US defense officials have withdrawn footage released by the Pentagon, citing accusations of deliberate deception. A Pentagon spokesman said authorities "didn't know it was an old file."
The US military on Friday released footage from training videos seized during a botched raid on an al-Qaeda in the Arabian Peninsula (AQAP) compound in Yemen last week.
At least 14 militants, one US soldier and an unspecified number of civilians have been killed during the operation, US Central Command said in a statement. However, medics on the ground put the death toll at up to 30 people, including 10 women and children.
"The video released today are samples of a series of detailed, do-it-yourself lessons intended for aspiring terrorist bomb-makers and included an exhortation to use those techniques to attack the West," it added.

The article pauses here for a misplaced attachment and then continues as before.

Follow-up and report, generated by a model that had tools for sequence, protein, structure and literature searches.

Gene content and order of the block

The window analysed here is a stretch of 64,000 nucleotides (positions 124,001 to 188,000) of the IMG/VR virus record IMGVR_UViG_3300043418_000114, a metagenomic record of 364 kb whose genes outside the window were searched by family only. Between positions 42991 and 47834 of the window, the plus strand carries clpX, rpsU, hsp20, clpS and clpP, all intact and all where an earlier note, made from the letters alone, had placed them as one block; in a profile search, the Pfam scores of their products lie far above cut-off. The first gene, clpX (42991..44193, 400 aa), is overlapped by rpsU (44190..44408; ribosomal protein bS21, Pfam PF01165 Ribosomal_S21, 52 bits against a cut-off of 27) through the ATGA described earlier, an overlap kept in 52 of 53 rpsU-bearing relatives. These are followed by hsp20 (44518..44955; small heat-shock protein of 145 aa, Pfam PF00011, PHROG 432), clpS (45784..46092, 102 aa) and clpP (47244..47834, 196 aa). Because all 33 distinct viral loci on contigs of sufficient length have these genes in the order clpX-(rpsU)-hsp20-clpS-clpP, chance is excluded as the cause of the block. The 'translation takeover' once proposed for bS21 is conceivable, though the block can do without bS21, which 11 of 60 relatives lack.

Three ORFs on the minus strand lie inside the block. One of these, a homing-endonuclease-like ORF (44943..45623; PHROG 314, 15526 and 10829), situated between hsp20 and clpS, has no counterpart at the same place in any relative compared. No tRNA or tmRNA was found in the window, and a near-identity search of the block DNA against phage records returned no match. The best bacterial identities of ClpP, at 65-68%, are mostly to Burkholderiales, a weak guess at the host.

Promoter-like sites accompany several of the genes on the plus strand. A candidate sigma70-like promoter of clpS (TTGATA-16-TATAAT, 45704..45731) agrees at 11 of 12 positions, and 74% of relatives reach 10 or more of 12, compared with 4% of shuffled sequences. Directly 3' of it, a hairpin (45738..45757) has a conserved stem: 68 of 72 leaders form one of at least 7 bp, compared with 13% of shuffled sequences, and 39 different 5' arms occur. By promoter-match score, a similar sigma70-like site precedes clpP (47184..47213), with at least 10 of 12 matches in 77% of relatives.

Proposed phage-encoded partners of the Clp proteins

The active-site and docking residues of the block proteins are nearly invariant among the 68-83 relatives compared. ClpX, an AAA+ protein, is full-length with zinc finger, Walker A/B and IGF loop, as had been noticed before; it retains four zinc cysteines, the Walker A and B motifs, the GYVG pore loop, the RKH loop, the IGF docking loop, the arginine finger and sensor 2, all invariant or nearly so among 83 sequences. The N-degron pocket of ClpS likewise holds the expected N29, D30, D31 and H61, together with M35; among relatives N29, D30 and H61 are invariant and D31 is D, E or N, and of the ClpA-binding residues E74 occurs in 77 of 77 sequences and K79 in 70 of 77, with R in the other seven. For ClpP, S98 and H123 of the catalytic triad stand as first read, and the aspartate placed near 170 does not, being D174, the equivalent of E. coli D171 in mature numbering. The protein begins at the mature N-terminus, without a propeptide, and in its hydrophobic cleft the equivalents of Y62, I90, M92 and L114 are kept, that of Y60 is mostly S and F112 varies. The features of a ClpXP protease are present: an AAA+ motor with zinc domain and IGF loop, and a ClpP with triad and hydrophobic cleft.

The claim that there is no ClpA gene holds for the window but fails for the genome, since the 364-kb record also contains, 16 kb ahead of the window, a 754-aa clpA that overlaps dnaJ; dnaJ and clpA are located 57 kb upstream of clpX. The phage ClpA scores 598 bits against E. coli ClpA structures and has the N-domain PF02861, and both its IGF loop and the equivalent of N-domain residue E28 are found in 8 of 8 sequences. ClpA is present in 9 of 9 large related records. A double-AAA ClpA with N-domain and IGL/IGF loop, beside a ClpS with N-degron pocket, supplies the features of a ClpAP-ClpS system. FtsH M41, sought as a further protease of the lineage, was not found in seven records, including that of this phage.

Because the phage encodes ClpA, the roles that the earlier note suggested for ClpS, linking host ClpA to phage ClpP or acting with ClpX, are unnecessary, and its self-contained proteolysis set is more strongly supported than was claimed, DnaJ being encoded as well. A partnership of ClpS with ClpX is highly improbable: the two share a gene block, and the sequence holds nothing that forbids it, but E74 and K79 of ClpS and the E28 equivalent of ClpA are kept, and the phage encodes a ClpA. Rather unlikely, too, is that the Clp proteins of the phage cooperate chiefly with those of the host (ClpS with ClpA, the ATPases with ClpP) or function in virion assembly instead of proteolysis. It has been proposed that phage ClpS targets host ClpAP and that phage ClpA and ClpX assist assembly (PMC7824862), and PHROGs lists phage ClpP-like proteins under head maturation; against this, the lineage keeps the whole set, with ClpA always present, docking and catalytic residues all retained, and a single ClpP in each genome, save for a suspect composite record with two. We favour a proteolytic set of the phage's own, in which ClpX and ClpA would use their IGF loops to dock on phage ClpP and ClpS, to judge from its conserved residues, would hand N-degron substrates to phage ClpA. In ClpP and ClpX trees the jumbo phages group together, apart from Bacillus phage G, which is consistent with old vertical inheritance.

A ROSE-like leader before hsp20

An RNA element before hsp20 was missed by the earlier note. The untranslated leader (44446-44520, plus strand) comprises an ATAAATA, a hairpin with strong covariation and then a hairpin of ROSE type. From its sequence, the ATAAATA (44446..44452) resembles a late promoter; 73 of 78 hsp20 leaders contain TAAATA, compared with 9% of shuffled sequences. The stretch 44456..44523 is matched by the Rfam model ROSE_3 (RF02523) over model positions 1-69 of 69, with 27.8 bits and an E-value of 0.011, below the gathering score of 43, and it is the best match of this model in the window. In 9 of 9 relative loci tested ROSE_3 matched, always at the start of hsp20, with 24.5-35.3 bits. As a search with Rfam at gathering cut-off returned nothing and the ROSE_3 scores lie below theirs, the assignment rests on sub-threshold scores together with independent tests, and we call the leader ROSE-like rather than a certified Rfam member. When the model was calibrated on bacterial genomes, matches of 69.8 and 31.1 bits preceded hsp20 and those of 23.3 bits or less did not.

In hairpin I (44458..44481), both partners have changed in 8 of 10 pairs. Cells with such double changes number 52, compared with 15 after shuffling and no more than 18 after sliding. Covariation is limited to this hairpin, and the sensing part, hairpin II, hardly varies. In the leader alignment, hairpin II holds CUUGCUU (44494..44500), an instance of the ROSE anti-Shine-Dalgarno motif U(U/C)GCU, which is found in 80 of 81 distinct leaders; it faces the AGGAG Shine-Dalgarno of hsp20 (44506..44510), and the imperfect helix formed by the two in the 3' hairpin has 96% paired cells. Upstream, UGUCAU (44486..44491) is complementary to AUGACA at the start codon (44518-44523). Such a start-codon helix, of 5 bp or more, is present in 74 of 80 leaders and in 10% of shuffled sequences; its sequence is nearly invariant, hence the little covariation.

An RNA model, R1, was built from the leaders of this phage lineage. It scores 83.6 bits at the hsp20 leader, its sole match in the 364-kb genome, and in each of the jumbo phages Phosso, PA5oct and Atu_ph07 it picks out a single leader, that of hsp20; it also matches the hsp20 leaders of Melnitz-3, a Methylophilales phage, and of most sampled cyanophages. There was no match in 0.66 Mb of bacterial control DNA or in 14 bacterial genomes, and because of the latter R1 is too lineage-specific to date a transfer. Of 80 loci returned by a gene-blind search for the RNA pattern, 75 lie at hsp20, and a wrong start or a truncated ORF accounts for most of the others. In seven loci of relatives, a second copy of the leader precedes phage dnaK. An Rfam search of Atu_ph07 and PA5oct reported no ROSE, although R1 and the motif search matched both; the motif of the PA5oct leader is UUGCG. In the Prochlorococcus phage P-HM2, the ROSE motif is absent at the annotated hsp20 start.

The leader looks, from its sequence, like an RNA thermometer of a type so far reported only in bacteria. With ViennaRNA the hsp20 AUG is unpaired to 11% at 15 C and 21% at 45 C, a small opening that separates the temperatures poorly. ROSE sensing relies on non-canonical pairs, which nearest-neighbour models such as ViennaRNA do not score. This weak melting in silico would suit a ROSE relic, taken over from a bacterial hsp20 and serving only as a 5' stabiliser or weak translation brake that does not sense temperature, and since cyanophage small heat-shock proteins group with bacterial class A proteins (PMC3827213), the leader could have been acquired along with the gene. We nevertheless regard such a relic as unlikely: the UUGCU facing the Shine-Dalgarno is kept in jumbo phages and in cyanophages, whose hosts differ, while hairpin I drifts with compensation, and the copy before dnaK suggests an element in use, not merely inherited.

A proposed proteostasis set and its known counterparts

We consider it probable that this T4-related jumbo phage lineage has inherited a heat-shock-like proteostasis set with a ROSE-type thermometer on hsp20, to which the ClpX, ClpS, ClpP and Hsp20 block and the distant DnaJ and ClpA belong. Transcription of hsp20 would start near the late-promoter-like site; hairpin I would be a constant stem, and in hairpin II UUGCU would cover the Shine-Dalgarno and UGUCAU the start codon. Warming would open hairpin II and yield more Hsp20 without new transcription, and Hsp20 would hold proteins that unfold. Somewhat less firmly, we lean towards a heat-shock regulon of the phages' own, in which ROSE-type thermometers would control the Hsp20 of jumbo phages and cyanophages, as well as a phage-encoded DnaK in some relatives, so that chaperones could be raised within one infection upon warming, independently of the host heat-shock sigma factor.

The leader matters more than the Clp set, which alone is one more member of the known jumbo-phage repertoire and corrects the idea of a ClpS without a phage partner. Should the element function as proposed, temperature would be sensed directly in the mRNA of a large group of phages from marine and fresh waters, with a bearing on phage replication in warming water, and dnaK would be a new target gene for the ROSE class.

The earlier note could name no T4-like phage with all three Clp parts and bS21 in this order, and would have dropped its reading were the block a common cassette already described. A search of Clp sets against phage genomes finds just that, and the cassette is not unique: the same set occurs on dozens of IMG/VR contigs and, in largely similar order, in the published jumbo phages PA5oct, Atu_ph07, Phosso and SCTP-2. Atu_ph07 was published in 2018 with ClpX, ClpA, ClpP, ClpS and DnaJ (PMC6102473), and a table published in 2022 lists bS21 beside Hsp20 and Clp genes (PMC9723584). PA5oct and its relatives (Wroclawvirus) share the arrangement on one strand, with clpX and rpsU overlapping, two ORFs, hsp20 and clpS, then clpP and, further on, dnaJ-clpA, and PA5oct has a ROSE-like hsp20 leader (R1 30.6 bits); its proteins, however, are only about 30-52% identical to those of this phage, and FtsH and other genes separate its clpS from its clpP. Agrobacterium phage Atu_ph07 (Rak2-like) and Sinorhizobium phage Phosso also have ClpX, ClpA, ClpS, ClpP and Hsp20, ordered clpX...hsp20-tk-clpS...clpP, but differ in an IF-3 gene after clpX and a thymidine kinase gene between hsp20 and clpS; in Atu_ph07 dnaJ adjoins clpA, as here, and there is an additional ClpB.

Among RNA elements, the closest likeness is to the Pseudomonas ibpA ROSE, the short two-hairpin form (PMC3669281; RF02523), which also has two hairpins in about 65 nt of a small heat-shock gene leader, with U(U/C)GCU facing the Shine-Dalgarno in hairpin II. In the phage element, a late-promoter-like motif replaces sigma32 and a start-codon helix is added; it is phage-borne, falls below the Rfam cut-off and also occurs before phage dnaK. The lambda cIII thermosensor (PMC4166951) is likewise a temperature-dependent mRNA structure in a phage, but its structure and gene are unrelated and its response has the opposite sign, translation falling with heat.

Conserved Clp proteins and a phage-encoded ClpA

The raid marked the first of its kind under US President Donald Trump's administration, which has vowed to uproot "radical Islamic terrorism."
'We didn't know'
Shortly after releasing the footage on the website, Central Command pulled it due to concerns that video had already been available for a decade, local media reported.
"Central Command removed a video it claimed was intel gained from Yemen raid. The videos are 10 years old, news organizations have had them for years," Tara Copp of the defense department newspaper "Stars and Stripes" said in a tweet.
Central Command spokesman Colonel John Thomas said the video was pulled due to accusations that "we are putting out the information and trying to be deceptive ... that's not the case."
"We didn't know it was an old file," he added.
US authorities dubbed the AQAP the "most dangerous regional node in the global jihad" after American forces killed the militant group's leader Osama bin Laden in 2011.
However, the "Islamic State" has proven a dangerous rival to al-Qaeda's strain of militancy in the region and abroad, claiming large swathes of territory in Iraq and Syria as well as numerous attacks across the globe, including in Berlin, Paris and Brussels.
ls/gsw (AP, Reuters, AFP)